First-time gestational surrogate Shandi Phelps realized her life was about to take a bizarre turn when President Donald Trump announced in January that the U.S. would restrict travel between China and the United States due to the coronavirus outbreak.
Phelps, of Grants Pass, is two weeks away from delivering a Chinese couple’s first child, and the soon-to-be parents are now stuck more than 6,000 miles away on the other side of the Pacific Ocean.
“You think of all the things that could go wrong,” Phelps said, “but never in my wildest dreams would I expect a pandemic happening just weeks before having this baby.”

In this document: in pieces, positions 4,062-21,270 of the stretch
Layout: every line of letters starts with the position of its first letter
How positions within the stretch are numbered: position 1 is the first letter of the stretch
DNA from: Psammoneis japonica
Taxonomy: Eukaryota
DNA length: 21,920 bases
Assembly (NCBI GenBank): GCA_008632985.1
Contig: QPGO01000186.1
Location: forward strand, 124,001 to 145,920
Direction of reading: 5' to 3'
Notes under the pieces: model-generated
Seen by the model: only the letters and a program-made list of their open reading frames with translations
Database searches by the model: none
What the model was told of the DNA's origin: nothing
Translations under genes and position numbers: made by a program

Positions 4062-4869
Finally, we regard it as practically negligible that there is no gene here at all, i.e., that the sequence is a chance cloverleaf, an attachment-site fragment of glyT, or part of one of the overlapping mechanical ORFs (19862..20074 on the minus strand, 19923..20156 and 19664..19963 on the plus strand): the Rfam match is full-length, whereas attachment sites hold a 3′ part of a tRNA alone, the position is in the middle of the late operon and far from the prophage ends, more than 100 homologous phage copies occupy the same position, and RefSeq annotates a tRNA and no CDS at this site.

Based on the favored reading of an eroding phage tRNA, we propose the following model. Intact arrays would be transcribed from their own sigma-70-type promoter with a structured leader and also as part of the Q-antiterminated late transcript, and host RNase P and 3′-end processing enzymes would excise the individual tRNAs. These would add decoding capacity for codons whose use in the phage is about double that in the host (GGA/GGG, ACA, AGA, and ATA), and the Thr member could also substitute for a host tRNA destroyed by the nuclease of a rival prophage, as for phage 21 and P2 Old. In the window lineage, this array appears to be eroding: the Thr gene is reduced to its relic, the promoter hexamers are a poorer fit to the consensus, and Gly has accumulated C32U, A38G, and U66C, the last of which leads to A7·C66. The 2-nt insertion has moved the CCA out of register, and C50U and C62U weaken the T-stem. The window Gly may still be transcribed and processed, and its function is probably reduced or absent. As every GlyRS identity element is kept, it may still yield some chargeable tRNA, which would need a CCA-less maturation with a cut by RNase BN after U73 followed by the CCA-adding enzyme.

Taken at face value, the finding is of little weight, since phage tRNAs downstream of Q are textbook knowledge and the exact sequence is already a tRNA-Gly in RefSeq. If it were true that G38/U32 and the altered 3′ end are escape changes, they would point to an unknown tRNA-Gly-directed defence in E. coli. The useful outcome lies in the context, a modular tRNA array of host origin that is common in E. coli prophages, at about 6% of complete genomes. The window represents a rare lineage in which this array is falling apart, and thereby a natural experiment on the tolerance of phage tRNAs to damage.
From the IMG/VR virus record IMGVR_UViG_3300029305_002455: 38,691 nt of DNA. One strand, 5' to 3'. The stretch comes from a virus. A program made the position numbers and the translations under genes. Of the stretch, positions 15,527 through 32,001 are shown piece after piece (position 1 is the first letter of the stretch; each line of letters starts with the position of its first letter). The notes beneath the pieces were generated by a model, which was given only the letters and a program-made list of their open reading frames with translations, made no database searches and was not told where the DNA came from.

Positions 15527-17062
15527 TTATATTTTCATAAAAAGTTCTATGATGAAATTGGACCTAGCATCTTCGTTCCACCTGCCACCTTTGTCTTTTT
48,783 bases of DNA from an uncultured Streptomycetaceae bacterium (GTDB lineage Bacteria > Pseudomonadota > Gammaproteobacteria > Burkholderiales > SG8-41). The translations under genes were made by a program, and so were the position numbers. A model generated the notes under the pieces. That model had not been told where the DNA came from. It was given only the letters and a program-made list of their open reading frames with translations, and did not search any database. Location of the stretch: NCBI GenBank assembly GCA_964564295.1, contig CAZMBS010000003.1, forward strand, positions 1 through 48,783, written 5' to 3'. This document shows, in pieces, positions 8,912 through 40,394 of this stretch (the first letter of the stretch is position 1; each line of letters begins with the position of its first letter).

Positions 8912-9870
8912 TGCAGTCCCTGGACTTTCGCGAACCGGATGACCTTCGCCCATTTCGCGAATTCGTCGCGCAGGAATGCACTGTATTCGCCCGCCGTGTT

Phelps and her husband, Geoff Phelps, who had prepared themselves and their two children for a swift handoff after the birth, now face the reality they may be holding onto this baby – indefinitely.
Phelps’ story is not unique, as Oregon is a popular international destination for gestational surrogacy, an industry banned in many states and countries.
Tabitha Koh, legal director for Northwest Surrogacy Center in Portland, which is not involved in Phelps’ surrogacy, said she... see more